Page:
The cost at the Bayfield marina was out of our reach for putting in and leaving the truck for several days. Instead we found a nearby Indian Reservation and put in there. The price was more reasonable and the truck felt more at home on the res.

Because the outboard was fueled by a red steel 6 gallon tank that required a gas oil mixture, I had five tanks pre-mixed and sitting in the back. With the array of gas tanks sitting around the battery in the back of the boat, it looked like something Captain Kirk would have rigged up to explode him and Mr. Spock through a Lake Superior time portal back to their ship. Cynthia tried not to notice this as we loaded on our camping gear.

It was a beautiful late morning with sun shining and only a scant scent of gas and oil fumes as a light breeze ever so courteously carried the noxious gases away from our vacationing noses. As we sped across the lake I believe we were smiling. For those of you from New York or Los Angeles, who don’t really know anything about anything, Lake Superior is a really big lake and we weren’t actually going to cross it.

After a few minutes we saw another speed boat approaching us. As it got closer I realized it was my boss and his wife with friends. We waved and they waved. I wasn’t playing hooky from work. My boss fully understood that I took time off when I took time off and regularly, in return for taking a day off work, I would gladly not be compensated for said day. I think he was secretly proud of me. What a small world, so was I.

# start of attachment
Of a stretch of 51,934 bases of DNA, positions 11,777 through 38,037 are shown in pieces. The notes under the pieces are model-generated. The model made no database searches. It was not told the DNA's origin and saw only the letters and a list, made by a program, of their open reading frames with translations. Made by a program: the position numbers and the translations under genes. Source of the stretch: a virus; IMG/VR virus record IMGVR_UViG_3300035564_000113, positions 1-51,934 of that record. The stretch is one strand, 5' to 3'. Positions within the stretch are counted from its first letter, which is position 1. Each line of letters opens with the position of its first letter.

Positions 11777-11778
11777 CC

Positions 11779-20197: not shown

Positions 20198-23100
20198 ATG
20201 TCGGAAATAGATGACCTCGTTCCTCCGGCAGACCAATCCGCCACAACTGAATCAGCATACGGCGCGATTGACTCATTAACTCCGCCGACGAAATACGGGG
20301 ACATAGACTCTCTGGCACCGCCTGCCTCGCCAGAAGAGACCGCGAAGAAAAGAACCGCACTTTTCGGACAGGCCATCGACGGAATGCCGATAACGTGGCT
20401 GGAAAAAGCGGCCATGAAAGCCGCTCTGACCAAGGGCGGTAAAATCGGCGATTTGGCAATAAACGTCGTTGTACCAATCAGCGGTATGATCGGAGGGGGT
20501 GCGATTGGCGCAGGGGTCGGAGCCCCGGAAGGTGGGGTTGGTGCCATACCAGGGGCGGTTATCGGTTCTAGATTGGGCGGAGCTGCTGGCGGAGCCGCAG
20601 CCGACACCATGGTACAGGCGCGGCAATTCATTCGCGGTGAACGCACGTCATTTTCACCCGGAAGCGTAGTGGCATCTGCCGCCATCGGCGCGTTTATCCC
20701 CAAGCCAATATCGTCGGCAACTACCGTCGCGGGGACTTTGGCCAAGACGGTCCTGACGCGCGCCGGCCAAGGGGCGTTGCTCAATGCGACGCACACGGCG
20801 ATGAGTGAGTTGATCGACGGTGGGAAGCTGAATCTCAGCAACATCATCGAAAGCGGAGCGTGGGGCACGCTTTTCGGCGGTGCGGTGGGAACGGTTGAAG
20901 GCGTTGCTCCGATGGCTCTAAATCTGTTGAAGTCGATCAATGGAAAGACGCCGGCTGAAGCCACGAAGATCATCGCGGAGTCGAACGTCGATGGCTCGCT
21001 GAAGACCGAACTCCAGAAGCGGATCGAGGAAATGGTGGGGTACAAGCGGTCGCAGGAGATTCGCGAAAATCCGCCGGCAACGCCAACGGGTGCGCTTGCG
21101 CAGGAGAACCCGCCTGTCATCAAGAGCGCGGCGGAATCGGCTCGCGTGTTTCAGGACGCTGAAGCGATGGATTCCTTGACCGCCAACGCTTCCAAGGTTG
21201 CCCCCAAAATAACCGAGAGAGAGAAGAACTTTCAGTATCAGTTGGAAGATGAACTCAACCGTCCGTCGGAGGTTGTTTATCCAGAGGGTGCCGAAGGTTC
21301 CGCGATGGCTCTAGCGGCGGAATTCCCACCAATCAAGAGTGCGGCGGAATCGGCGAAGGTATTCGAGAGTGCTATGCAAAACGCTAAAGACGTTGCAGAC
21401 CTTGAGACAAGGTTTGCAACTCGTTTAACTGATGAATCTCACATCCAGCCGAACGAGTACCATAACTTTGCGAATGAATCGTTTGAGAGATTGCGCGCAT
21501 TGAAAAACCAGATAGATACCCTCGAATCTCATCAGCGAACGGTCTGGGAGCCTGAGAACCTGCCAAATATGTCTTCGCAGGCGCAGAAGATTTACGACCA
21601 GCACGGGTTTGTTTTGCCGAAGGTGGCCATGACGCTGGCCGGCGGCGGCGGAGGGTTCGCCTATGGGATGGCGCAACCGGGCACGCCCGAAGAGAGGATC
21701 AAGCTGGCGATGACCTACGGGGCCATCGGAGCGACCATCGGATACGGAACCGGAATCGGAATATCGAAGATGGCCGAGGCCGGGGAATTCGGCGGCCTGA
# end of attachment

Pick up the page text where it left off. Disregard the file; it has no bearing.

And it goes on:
We got to one of the close islands. I believe it was Bear Island, but dear reader I must apologize that I am still not going to check and confirm this information. We went to the side of the island where the ferry doesn’t stop. We landed the boat and had the entire beach to ourselves. The place where the ferry landed to drop off people for the day was over a half mile away. We decided to set up camp and stay here for the weekend.

That night was a perfect evening with a campfire and the sky pin pointed with stars. We watched as a storm moved south of us pushing lightning in the air what appeared to be 75-100 miles away. The whole world seemed calm and far away. We went to sleep in our tent excited for the next day’s exploring. I dreamed about swapping gas tanks with efficiency and becoming adept at breathing gas fumes. I would never have dreamed about how the next day would really go.

To Be Continued